If you’ve been in the workforce for any length of time, it’s happened to you  as the owner, manager, or even as a co-worker.

Joe or Jane seem like solid employees, they’re beginning to fit in, or possibly, they’ve been at the company for years.

Suddenly, it’s adios time, and as an owner or manager, you wonder: How did I miss the exit signs?

In recent times, I’ve been witness to sudden employee exits in companies with which I’m familiar. As an outsider looking in, I wondered: Did the company have any sense the employee was going to leave? Certainly, foreknowledge allows the company to deal with the issue on a more orderly basis. Not all departures are necessarily disruptive, even if they’re abrupt. However, if the person is a key employee, it can have major negative consequences, especially if the timing of the departure is inconvenient or calamitous.

How do you wrap your hands around a crystal ball that will at least give you a foreshadowing of a departure? With that in mind, I reached out to industry experts and observers who offered sage advice.

When you ponder your team, you might want to check the suggestions below to see if they fit your circumstances.

A Roberta Matuson Perspective

Nine out of 10 times, the writing is on the wall when an employee is about to bolt. There are a number of signs. Here are three.

  1. The employee who used to work through lunch at his desk is now taking extended lunches outside the office.
  2. The person who used to volunteer to work on long-term projects is no longer raising her hand.
  3. The employee who used to provide you with constructive feedback when receiving work now takes the assignment and does only what you ask.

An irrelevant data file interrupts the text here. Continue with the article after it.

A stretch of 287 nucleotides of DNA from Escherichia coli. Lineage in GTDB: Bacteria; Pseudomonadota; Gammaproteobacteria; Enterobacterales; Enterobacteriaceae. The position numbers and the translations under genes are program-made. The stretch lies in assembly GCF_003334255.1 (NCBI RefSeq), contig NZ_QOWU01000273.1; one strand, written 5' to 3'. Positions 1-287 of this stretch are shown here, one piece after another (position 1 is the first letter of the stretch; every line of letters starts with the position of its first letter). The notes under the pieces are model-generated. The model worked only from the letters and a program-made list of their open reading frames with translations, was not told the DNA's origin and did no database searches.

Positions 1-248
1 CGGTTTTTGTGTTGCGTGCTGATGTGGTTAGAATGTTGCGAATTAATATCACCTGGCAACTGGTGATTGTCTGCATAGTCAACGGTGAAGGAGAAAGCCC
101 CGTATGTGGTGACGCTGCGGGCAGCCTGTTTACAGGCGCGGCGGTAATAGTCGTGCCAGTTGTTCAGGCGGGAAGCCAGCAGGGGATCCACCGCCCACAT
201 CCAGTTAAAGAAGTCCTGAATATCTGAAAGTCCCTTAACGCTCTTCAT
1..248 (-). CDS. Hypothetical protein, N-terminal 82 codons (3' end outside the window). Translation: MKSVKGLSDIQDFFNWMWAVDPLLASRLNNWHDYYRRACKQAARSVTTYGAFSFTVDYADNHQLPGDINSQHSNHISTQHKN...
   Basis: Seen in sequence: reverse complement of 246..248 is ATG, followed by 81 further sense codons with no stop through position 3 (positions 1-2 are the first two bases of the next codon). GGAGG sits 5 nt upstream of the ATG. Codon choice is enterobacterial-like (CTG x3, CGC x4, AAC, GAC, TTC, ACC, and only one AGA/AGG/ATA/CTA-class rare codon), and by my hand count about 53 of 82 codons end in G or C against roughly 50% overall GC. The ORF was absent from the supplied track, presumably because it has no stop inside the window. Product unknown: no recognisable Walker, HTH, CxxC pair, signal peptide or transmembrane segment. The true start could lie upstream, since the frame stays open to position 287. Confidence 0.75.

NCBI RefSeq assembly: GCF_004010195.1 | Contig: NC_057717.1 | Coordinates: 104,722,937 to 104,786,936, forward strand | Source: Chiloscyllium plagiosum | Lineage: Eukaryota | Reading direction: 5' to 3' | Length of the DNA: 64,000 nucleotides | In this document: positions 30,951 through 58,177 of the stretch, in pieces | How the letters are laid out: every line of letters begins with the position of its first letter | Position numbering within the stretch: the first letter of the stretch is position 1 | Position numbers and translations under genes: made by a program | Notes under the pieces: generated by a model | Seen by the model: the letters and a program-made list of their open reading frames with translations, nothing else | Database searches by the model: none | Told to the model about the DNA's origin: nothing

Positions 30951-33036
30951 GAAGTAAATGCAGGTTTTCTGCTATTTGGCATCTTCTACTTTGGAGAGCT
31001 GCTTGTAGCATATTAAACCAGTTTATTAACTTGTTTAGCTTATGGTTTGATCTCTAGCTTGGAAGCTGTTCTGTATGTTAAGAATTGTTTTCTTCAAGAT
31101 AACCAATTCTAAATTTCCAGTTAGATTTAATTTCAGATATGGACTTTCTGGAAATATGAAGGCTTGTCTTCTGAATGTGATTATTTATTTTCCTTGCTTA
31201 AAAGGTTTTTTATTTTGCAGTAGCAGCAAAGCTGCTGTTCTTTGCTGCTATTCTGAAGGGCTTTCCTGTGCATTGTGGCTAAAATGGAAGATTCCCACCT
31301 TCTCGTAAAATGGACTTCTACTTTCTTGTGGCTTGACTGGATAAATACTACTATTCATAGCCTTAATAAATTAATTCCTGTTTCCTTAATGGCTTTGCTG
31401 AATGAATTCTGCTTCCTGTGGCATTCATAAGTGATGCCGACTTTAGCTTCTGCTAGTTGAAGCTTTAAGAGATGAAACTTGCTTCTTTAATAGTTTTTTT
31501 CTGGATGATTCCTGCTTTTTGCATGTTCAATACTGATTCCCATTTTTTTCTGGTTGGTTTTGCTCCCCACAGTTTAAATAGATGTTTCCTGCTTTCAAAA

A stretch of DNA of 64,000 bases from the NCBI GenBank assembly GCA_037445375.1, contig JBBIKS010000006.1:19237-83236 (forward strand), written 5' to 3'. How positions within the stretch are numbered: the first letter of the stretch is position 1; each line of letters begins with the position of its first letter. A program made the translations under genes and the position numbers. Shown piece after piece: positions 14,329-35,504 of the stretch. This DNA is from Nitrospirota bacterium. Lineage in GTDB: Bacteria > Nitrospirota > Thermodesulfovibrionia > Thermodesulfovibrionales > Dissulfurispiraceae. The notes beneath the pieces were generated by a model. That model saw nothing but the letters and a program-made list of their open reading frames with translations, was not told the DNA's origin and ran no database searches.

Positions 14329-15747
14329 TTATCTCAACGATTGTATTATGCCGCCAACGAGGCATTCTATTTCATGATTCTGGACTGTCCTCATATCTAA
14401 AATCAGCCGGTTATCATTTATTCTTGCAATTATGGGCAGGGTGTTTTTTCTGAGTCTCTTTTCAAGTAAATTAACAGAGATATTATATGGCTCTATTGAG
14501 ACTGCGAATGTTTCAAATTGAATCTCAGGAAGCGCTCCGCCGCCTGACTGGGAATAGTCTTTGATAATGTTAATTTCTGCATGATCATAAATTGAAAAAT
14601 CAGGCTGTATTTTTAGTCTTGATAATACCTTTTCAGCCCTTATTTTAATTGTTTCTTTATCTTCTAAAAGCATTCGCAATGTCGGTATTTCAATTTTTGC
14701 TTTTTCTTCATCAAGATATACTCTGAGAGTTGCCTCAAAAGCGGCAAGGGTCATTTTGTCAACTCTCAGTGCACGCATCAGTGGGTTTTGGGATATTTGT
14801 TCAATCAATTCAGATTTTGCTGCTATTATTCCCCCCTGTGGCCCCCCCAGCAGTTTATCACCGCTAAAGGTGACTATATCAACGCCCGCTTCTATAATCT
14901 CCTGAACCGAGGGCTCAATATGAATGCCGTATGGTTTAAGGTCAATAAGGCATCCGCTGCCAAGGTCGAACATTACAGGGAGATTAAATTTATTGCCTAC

When you see the signs, don’t ignore them. Ask the employee how things are going and what, if anything, you can do to make their work experience better.

Roberta Matuson, president, Matuson Consulting (www.matusonconsulting.com), is known as The Talent Maximizer®. She is the author of the forthcoming book, "The Magnetic Leader," as well as "Talent Magnetism," and "Suddenly in Charge: Managing Up, Managing Down, Succeeding All Around." She is the former HR Careers Expert for Monster.com.

A Scott Lesizza Perspective

I’ve learned the hard way (after key employees left) how to spot the now obvious signs that an employee was going to leave.

We had a number of employees all leave the company simultaneously in February 2016 (a clear red flag in and of itself), and each of them had spent an inordinate amount of time asking our chief financial officer about their bonuses and expense reimbursements. Seems obvious now but so often we let down our guard as owners because we tend to feel we treat employees extremely well and create great places to work. It’s important always to have someone you trust and who you can lean on to know what your employees are saying when you leave the room — and always be wary when employees are asking a lot of questions about bonuses and expenses.

Another clear sign is when employees start making excuses. If employees start to point fingers or blame infrastructure or “lack of support” for falling short in achievements, be careful. These employees will start seeing the grass is greener elsewhere and will start looking for another job where there is supposedly more “support.”